The Dartmoor National Park is homed some of the most famous myths and legends in the world. This strange place, with its eerie granite huts, standing circles, broken stone roads, and reaves where moorland water still bubbles and gurgles through, is also the home of the wild mystical creatures that exist vibrantly in our imagination.
It is thought that Dartmoor Park was once inhabited, or perhaps still are, was filled with the haunting of pixies. Not just pixies either, but also the famed headless horseman suppsoedly ran rampant throughout the dark wet moorlands. A strange large black dog was also spotted throughout the moorlands, hunting and haunting the settlers with its nightmarish size, amongst other creepy ghosts that wandered aimlessly (or perhaps purposefully) throughout the wet moorlands of Dartmoor Park.
It was during the Great Thunderstorm of 1638 that the moorland village of Widecombe in the Moor had inhabitants that said the town had been visited by the Devil himself.
Because of this interesting and haunting past, Dartmoor National Park with its Neolithic Bronze Age history and peoples, have inspired many artists. This inspiration can be seen in the works of Sir Arthur Conan Doyle with his story The Hound of the Baskervilles and The Adventure of Silver Blaze. Even J.K Rowling’s Harry Potter blockbuster success pays homage to the Dartmoor Park during the 4th installment of the series Harry Potter and the Goblet of Fire, they hold the 1994 Quidditch World Cup finals between Ireland and Bulgaria, hosted on none other than the Dartmoor moors themselves.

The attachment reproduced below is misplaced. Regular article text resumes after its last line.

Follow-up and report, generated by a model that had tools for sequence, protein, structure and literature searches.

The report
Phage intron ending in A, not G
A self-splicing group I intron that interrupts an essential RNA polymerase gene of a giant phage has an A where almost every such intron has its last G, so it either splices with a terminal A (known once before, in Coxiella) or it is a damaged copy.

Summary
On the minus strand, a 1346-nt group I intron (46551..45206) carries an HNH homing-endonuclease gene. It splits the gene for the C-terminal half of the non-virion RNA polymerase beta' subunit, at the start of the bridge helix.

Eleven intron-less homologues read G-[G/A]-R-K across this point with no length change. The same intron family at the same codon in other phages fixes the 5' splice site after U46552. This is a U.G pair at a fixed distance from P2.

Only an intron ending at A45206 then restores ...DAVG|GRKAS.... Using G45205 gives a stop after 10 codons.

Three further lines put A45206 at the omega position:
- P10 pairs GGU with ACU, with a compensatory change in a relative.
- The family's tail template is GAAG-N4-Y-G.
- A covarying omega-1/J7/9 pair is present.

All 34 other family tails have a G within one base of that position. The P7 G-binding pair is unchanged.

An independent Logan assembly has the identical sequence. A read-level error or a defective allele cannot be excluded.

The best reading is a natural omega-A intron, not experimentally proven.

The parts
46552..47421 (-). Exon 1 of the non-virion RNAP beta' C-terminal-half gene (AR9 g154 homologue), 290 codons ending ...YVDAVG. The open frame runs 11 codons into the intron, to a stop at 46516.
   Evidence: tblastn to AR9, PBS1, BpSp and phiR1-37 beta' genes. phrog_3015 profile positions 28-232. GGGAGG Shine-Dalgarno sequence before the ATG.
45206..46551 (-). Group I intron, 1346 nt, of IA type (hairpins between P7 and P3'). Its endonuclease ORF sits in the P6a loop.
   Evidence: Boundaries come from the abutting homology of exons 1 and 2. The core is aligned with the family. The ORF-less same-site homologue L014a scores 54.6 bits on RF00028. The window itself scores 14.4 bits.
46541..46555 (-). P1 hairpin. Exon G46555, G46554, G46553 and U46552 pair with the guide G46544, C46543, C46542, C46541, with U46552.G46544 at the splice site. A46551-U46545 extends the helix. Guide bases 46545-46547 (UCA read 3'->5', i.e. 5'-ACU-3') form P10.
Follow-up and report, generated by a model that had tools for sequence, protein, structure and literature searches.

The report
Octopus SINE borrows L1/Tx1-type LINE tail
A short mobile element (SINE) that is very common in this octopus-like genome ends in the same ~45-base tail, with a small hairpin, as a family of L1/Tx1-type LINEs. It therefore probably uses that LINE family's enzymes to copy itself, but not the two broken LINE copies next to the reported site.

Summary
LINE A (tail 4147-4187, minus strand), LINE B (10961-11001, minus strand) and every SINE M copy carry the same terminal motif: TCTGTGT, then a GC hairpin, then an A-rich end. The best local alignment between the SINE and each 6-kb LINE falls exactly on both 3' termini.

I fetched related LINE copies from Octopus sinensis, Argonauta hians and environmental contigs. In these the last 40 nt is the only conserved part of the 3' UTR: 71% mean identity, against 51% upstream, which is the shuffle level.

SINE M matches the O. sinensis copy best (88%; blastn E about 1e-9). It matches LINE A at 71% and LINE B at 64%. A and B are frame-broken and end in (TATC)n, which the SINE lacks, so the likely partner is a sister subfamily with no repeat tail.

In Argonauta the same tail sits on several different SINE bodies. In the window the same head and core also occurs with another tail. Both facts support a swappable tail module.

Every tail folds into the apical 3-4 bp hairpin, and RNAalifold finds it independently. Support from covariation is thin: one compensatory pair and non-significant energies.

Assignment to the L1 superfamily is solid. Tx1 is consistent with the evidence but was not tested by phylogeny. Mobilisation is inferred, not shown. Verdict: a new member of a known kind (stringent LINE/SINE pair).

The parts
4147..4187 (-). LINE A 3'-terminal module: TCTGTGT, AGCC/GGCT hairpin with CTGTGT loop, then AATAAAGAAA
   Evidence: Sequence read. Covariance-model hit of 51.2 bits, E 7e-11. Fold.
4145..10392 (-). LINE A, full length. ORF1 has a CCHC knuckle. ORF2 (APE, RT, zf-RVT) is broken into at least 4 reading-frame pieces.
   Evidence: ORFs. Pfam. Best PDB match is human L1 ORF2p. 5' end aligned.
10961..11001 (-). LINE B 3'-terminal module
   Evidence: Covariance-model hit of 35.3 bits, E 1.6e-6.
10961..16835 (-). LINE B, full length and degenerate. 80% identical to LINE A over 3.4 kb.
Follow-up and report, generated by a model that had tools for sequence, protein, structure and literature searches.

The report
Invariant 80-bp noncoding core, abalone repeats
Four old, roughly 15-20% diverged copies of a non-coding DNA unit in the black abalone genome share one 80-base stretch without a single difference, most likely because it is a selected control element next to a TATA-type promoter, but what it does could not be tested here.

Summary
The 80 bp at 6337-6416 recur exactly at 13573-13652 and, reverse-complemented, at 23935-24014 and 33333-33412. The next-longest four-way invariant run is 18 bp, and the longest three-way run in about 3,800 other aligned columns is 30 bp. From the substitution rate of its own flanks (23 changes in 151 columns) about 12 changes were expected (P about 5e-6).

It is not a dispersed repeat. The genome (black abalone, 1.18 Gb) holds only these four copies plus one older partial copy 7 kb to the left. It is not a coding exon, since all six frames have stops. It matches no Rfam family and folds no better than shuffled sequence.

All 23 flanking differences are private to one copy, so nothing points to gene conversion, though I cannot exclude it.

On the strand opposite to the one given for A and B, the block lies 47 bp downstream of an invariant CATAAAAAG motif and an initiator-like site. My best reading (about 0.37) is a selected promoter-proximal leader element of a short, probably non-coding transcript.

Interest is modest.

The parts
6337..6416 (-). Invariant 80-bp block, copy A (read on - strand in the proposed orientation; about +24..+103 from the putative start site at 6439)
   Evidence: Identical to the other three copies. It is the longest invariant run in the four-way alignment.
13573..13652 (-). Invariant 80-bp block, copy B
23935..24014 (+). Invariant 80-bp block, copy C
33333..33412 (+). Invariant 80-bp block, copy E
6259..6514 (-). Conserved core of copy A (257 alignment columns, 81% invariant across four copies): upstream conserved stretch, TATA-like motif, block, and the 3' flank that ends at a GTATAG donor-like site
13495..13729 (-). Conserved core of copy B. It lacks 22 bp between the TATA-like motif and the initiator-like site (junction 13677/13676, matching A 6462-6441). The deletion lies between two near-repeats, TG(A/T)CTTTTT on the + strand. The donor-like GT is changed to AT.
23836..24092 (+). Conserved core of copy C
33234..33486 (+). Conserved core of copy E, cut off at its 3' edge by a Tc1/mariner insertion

Kitty Jay’s Grave or sometimes just called Jay’s Grave, also resides within the Dartmoor National Park. The grave is the supposed last recting place of Jay, a person who fell victim to suicide. People think that Jay died somewhere in the mid to late 18th century. Since Jay’s death, the grave has become a very famous landmark within Dartmoor National Park and obviously a great inspirer of folklore, ghost stories, and other things that go bump in the night.
Still to this day, people report fresh flowers are laid at Kitty Jay’s Grave, but no one admits to whoever lays the flowers.
Along with Kitty Jay’s Grave, there is also the Childe’s Tomb. Child’es Tomb is an elaborate cross that was raised upon a constructed base. The story behind this tomb is less scary and more about reward. A famed hunter by the name of Childe was reportedly killed in a snow storm, despite killing his horse and climbing inside the horse for warmth. The corpse of Childe was found with a note saying whoever buried his body properly would inherit all of his lands in Plymock. The story itself has become famous enough that when the original Childe’s Tomb was destroyed by a man who took the stones to build his own house, the tomb was partially reconstructed in 1890.
Stories like these and others abound about Dartmoor National Park. As it should, since it is one of the if not the largest holder of Bronze Age history in all of the UK. It remains inspiring writers, artists and travelers by inspiring their imagination to think of what these neolithic settlers must had been like, as well as the ideas of the wisping of pixies flying in and out of the wet, ancient moorlands.